By Alex Diaz, Hoffman San Jose
Can every company be a media company?
Every Media Company, a content and editorial communications consultancy, hosted a panel of former journalists who have now shifted into editorial communications positions in San Francisco to answer this very question.
The media landscape has changed significantly from what it was during the dot-com days, which has caused a chain reaction for businesses and public relations agencies alike. There simply aren’t enough resources available to create the marketing content and the media buzz that most companies want, or need, to be successful. And public relations agencies have been forced to rethink the way they work with their partners and clients to help them find the best way to generate and proliferate their content.
After listening to hours of intense discussion on the importance of producing high-quality content, tricks to help generate that content and the meaning behind content marketing — I think that any business can be a media company. But there are some key strategies behind getting it right, which is where PR agencies come into the equation.
Today’s journalists aren’t as open to take a meeting with a company just to get to know them or learn about the CEO’s vision for their industry. There are simply too many companies, too few journalists, and not enough time in the day. When a conversation doesn’t include any exciting news or unique stories, journalists often pass. So how can a company create a media buzz without journalists writing it for them? By becoming a source for the media.
This is made possible through industry commentary, contributed articles and strategic social media content. Quentin Hardy, head of Editorial at Google Cloud and former writer for The New York Times, said a media company’s survival depends on “how trusted, how effective, how delightful of a relationship can you have with your readers.” A PR agency should cultivate the same relationship between its clients and journalists, making those companies and their executives trusted and reliable sources of interesting information.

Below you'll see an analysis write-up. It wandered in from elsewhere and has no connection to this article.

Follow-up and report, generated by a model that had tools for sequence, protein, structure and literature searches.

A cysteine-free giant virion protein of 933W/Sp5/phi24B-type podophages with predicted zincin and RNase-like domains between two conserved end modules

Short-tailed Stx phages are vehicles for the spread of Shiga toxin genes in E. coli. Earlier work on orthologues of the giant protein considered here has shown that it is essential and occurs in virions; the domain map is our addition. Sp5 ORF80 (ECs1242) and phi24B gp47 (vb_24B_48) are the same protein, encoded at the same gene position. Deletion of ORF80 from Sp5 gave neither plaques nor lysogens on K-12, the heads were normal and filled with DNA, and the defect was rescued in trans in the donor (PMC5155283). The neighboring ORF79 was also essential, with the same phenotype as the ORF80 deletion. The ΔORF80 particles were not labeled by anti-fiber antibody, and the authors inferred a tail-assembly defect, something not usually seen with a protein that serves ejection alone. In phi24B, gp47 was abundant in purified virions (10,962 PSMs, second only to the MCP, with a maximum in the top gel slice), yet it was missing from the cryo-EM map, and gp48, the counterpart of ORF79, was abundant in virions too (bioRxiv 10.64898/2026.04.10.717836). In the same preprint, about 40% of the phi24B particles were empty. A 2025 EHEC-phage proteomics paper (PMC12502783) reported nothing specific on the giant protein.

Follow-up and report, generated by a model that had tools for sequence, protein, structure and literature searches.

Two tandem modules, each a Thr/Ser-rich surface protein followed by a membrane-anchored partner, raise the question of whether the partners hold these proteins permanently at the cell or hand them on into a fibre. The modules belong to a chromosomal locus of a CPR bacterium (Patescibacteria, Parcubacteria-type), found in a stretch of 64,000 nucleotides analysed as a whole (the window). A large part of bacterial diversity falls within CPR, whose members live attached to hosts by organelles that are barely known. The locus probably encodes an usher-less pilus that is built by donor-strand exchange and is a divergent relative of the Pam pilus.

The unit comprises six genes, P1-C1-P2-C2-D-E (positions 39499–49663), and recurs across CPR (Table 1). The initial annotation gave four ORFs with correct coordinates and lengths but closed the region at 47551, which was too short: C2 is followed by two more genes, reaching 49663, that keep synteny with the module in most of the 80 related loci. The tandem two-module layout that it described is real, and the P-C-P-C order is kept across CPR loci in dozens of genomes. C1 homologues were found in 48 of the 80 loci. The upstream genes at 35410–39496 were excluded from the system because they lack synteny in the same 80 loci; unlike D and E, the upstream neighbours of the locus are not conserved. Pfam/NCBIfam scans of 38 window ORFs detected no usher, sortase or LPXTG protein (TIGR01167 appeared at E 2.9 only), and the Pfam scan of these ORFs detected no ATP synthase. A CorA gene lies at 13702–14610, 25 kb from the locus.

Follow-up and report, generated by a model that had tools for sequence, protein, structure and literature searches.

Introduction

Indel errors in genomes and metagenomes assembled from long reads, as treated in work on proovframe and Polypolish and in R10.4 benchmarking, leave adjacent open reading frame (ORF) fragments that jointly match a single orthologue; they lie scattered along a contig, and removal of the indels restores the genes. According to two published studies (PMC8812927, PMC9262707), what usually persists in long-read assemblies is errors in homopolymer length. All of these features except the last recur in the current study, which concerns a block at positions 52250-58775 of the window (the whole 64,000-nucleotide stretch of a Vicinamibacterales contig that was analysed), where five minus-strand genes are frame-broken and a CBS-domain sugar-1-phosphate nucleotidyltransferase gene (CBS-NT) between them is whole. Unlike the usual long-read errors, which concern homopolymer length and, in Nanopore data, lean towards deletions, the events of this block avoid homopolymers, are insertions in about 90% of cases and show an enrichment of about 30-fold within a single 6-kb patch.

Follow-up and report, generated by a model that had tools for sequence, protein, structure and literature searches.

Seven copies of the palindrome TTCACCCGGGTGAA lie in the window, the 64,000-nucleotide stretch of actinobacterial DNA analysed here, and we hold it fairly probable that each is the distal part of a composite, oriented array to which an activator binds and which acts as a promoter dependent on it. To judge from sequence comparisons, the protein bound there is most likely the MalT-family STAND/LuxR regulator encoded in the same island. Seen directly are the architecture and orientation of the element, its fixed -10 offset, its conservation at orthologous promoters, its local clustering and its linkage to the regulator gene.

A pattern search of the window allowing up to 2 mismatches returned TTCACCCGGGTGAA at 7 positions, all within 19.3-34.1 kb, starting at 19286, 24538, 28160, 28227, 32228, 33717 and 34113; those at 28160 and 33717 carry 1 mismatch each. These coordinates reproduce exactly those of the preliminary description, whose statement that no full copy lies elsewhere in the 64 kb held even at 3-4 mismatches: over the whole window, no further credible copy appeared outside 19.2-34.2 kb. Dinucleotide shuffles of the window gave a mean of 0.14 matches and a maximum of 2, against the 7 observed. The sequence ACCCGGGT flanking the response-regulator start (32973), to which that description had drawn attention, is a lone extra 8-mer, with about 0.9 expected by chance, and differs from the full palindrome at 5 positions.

But sometimes journalists don’t have the time or bandwidth to build that relationship. A way to get around this is to alert them about informative thought leadership on the company’s blog. Sam Diaz, director of Content Creation at Blanc & Otus, formerly with ZDNet, the Washington Post and the San Jose Mercury News, offered some advice. “If you allow the company and the executives to be thought leaders and publish stuff that’s not self-serving, it’s insightful. [It] gives a little bit of insight about the trend based on what they’ve seen in their background.” This allows the journalist to refer to the company as a resource of information when they need it.
There are many layers of storytelling, but it is so much more than just writing content. Part of the job of the PR professional is to take that story and craft it into something the media wants to care about. Diaz made an excellent point as to how we shape content to fit the needs of our audience, stating, “Let’s not focus so much on what your message is, but rather what the objective is — the longer term objective of either raising awareness around a product, or a brand, or maybe even elevating the exposure of an executive as a thought leader, or as an expert in that industry so that they’re the ones that the reporters and the mainstream media call when they’re working on a story.”
Peggy Northrop, CEO of Northrop Consulting, formerly EIC of More and Sunset, followed this up with a point about how powerful good content can be on its own. “If you have a community around your brand and a conversation that is ongoing, then you’re not doing campaigns,” she said, noting that in this situation you’re simply sharing content with the community. The company’s initiative should be to intrigue its audience by generating thought-provoking content, while also sprinkling in the executives’ messaging to increase brand, product and services awareness.
During the panel discussion, I listened to many other PR professionals in the room discuss the importance of trust and the true meaning of content marketing. But at the end of the day it doesn’t really matter what we call it. The process of developing content, the strategy behind it and the decision of where to place it — all of that is marketing the content. So when we consider if every company can be a media company, the answer is yes. Companies can take control of their content and design and leverage them in a way that appeals to the media. And PR agencies can be a key factor in that process, especially for businesses still stuck in their old ways of focusing too much on their internal brand — and not what their market, media and customers will actually engage with.